Newly minted Alberta Premier Jason Kenney is holding a news conference this morning about legislation that would allow the province to restrict oil and gas shipments to B.C.
Kenney will be joined by Energy Minister Sonya Savage to speak about Bill 12, the Preserving Canada’s Economic Prosperity Act, at the Edmonton Legislature.
CBC News will livestream the news conference, which is set to begin at 9:30 a.m. MST.
Bill 12 was proclaimed into law on Tuesday during the government’s first cabinet meeting, shortly after Kenney and his new United Conservative cabinet were sworn in.
The provisions in the legislation are meant to be used as leverage against B.C. if the province continues to stand in the way of the Trans Mountain pipeline expansion project.
Kenney op-ed says he’ll defend Alberta interests
In an op-ed in the Vancouver Sun, Kenney said he won’t turn off the oil taps to B.C. yet, but he’s serious about defending Alberta’s economic interests.
If proclaimed, the bill would create a licensing scheme for oil and gas suppliers, giving Alberta’s energy minister the power to decide how much fuel is exported to B.C., how it’s transported and whether direct shipments should be stopped altogether.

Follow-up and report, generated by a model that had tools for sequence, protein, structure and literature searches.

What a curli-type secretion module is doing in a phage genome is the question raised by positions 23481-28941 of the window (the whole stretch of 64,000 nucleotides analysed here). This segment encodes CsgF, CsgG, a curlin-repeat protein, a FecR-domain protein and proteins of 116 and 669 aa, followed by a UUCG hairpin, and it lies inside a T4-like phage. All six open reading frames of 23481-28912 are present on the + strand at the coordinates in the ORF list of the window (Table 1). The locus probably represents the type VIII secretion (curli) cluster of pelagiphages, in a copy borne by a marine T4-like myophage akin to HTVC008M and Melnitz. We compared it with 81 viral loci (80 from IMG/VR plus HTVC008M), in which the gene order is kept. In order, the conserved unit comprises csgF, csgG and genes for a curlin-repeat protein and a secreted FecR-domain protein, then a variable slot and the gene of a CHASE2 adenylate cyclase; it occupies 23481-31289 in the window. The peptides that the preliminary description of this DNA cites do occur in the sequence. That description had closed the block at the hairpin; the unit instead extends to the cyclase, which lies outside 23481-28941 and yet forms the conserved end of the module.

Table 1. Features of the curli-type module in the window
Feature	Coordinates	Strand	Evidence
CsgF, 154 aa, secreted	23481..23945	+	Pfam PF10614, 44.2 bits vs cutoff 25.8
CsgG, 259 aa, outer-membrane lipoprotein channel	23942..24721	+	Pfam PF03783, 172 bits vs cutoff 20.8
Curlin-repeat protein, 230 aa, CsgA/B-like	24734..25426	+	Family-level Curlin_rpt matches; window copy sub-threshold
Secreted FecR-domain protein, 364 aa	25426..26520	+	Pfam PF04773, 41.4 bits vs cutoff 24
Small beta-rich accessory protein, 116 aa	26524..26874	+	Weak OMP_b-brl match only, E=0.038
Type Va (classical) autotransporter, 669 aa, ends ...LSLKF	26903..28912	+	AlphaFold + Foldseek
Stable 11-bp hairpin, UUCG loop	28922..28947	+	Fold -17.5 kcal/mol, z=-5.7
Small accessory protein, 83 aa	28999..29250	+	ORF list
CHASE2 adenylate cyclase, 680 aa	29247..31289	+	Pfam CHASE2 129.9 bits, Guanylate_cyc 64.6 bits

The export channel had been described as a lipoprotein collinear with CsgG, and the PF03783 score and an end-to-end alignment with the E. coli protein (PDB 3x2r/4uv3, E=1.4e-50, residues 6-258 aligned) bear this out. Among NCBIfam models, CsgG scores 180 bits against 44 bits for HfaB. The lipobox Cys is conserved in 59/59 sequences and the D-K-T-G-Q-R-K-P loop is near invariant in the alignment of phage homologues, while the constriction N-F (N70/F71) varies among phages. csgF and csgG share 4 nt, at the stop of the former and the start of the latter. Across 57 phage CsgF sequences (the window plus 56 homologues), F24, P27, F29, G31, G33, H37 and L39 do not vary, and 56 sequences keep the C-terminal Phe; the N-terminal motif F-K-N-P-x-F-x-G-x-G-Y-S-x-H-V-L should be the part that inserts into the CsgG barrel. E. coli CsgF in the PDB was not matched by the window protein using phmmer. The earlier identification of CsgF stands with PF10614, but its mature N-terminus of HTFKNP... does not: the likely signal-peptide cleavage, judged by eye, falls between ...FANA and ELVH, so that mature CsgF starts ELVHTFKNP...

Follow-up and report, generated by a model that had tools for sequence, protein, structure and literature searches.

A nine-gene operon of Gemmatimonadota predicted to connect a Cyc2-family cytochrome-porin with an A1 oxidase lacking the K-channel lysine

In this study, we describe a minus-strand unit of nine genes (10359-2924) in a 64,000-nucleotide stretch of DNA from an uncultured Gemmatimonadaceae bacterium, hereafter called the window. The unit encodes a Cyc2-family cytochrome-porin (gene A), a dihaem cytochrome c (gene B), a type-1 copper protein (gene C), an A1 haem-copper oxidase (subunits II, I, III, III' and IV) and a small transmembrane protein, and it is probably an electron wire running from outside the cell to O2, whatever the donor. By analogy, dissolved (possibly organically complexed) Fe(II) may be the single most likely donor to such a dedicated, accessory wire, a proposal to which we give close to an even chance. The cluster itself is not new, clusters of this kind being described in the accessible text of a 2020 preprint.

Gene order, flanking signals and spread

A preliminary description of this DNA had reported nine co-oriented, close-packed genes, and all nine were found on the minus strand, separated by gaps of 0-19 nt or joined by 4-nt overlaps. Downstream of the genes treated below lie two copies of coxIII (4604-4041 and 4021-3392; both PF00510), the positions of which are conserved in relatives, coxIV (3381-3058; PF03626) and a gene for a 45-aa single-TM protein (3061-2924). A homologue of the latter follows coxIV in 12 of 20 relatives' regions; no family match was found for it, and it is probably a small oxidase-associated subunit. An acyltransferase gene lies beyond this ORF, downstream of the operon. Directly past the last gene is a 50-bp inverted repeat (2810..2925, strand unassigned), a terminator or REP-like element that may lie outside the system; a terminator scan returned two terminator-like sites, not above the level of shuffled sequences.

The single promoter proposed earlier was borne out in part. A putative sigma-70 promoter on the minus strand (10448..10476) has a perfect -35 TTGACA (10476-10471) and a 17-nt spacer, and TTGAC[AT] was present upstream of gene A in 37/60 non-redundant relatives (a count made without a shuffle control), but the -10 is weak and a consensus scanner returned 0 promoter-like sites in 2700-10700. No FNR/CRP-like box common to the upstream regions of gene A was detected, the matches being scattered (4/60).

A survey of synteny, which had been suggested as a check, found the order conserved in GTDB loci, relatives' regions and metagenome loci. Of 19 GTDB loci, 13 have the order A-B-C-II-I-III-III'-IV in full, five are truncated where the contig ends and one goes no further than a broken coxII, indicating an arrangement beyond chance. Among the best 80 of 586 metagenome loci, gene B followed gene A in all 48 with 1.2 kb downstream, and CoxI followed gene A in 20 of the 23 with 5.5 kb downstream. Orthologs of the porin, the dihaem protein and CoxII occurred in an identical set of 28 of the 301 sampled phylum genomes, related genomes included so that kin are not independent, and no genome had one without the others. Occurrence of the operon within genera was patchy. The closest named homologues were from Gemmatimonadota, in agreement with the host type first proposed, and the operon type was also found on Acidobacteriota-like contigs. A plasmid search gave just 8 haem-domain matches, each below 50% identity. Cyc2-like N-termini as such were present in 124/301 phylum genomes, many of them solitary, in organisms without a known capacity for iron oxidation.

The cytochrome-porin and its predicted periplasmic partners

“The impetus for the act is to alleviate the resource backlog that has been exacerbated by delaying TMX,” Kenney wrote.
“Unfortunately, since coming into office in July 2017, the B.C. government has opposed the expansion project every step of the way.”
Bill 12 gives the government authority to require companies to obtain a licence before exporting energy products from Alberta via pipeline, rail or truck and includes natural gas, crude oil and refined fuels, such as gasoline and diesel.
Act calls for millions in fines
According to the act, export licences would be required for every company only if the energy minister determines it’s in the public interest to ensure adequate pipeline capacity is available.
Anyone who fails to comply with the act could face fines up to $10 million per day for companies or $1 million per day for individuals.
The plan was introduced by the NDP and was given royal assent last year, but had not yet been proclaimed as law.
BC’s attorney general said his province is ready to resume its legal battle if the bill is enacted.
David Eby said his government has been concerned about the constitutionality of Alberta’s legislation since it was introduced by the NDP government.
This story originally appeared on CBC